great places to visit off the beaten path.
Located just south of Piccadilly, near Jermyn Street, is one of my favourite restaurants. For regular readers of LondonUnveiled I don’t generally ‘review’ restaurants, but I do like to highlight those that I feel have a special quality and that can provide a visitor or local with a uniquely London experience. Quaglino’s is one of those places. It is not only popular with me, but it is popular with quite a few Royals and celebrities. With its tucked away location and private club feel, any visitor here will be rewarded with a great experience.
History: The restaurant was opened in 1929 by Giovanni Quaglino and quickly became a favourite haunt of royalty. Between the World Wars, the Duke of Windsor, then Prince of Wales, was a regular patron. After World War II, Princess Margaret, the Duke and Duchess of Kent and Princess Alexandra dined here. In the 1950s a “Royal Enclosure” was established to have a permanently reserved table for visiting royalty.
In 1953 the restaurant created a special menu to commemorate The Queen’s coronation and just three years later the newly crowned Queen Elizabeth II visited Quaglino’s – the first reigning monarch ever to dine in a public restaurant.
Today: In more recent years modern celebrities such as Ronnie Wood, Keith Richards, Jade Jagger, Liam Gallagher, Alan Rickman and Jim Broadbent are all known to have dined here. Today the restaurant is celebrating its history with the Hutch Club 1929 menu. In addition a recent promotion involved hiding a real pearl in an oyster recalling an event in the 1930’s when Barbara Cartland found one while dining here. As a personal note I first dined here in the early 90’s at the guidance of my Uncle, a noted newspaper Editor and friend of Ian Fleming (when he was alive). It was still one of his haunts – a place he fondly referred to as ‘Quags’. To this day, I dine here often and I am happy to continue to enjoy this wonderful London institution.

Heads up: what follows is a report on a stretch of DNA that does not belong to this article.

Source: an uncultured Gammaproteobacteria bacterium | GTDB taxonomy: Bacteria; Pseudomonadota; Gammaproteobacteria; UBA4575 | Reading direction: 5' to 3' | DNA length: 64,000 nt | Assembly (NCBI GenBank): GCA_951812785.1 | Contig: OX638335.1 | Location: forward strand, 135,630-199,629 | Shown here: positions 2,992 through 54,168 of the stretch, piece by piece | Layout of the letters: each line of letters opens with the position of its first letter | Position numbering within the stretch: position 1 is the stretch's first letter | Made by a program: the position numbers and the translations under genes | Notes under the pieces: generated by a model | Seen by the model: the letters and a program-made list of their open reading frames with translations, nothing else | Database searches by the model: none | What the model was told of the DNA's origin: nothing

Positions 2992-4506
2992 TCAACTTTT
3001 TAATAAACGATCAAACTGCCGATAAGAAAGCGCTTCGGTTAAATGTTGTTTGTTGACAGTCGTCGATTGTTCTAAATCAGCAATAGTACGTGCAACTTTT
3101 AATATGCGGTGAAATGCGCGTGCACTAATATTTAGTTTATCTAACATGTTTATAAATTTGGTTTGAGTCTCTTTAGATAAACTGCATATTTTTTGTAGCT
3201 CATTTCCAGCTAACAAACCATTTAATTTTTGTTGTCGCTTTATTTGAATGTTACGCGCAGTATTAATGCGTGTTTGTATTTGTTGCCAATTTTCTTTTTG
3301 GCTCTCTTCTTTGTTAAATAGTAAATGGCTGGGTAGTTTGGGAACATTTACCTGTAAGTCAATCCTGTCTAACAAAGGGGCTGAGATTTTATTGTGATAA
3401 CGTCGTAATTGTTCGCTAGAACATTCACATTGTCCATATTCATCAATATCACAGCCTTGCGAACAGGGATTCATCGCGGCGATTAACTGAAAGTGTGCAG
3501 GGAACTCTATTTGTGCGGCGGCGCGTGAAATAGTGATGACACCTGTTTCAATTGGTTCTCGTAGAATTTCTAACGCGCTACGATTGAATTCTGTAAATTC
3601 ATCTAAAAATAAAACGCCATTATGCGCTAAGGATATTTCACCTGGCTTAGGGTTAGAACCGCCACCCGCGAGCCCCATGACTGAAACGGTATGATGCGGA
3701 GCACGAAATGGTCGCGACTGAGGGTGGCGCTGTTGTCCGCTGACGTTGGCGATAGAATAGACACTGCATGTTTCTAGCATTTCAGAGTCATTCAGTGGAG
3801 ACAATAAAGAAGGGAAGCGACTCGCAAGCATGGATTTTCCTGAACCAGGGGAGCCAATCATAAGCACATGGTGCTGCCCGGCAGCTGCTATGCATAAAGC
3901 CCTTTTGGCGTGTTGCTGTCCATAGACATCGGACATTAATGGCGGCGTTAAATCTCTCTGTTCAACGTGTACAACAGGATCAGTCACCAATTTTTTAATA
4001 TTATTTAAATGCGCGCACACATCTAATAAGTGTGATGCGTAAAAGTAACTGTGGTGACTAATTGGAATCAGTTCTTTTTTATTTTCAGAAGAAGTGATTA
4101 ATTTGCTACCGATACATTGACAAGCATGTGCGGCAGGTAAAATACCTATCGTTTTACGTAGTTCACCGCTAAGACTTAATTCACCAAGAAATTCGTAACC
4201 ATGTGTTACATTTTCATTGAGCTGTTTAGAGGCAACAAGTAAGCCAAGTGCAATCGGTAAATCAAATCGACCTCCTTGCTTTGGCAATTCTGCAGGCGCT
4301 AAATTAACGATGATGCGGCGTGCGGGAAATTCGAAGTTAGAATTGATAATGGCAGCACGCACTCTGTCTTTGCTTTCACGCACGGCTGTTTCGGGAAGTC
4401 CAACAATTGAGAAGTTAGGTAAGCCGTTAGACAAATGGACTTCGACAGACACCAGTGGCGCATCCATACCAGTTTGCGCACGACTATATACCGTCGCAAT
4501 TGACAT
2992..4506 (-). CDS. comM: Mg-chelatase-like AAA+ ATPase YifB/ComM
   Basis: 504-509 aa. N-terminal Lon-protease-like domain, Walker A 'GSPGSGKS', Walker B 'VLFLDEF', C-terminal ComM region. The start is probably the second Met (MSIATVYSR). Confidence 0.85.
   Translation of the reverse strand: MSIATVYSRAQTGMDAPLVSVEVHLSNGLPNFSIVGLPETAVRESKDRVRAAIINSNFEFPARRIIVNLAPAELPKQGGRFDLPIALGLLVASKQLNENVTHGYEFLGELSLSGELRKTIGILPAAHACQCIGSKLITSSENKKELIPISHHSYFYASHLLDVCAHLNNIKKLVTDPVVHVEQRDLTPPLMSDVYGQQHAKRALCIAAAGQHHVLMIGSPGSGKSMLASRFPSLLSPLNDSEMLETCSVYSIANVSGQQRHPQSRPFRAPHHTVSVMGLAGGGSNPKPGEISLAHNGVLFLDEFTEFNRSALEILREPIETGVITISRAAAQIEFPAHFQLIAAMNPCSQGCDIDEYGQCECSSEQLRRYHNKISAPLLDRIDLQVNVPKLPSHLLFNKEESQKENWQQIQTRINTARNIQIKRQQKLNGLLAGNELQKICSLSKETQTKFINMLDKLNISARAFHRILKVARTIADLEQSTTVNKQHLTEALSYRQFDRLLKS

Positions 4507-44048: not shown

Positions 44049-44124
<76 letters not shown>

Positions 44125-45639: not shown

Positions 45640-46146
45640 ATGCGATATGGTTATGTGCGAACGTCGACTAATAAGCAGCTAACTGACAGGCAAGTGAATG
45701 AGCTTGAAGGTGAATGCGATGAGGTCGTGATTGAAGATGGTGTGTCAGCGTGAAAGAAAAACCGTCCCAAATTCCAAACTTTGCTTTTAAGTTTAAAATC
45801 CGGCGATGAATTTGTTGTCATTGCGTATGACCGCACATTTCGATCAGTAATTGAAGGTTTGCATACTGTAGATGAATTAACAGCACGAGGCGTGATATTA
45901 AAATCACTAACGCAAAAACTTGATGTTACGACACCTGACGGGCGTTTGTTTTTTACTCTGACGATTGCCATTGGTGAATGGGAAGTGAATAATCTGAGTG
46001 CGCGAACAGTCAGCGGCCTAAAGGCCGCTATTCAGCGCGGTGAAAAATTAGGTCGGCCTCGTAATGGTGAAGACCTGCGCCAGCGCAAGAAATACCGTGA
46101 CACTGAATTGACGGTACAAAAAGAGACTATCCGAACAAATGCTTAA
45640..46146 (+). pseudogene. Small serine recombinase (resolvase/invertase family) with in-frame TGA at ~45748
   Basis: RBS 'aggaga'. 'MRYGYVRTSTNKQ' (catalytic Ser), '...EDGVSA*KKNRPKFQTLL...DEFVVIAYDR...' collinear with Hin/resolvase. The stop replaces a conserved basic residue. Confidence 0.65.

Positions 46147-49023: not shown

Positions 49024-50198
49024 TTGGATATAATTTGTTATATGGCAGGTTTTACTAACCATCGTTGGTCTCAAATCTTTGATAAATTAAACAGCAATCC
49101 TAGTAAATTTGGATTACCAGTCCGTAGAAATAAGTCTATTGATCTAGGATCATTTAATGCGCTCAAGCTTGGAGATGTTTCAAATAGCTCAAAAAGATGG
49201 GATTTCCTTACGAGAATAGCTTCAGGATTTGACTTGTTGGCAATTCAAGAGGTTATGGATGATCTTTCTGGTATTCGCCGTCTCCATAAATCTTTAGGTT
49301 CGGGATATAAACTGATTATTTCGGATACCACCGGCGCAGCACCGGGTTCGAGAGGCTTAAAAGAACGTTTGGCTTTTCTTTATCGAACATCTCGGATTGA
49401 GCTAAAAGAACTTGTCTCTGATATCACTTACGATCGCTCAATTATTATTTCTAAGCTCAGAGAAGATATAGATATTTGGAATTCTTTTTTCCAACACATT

The Hutch Club: The Hutch Club at Quaglino’s is there glamorous cocktail and jazz pop-up bar that runs from May through August. It pays homage to the venue’s hedonistic spirit which was prevalent in the late 20s and 30s when this was the place for London’s society crowd. The club is named after Leslie Hutchinson, a popular cabaret entertainer, born in Grenada, who had moved from there to NY, to Paris and finally to London (after encouragement from his lover, Edwina Mountbatten, Countess of Burma). In the 30s he became one of the biggest celebrities in London, and performed at Quaglino’s. Legend has it that he created a stir by arriving at nightclubs with a white piano strapped to his chauffeur-driven car and dressed like an aristocrat. The Prince of Wales (later Edward VIII) was one of his biggest fans to the degree that he performed at St. James’s Palace. Today visitors can enjoy the martini bar, a hidden away ‘drinking den’ and the sounds of the era. Reservations are useful.
Located at: 16 Bury St, SW1Y 6AJ
Closest Tube: Piccadilly Circus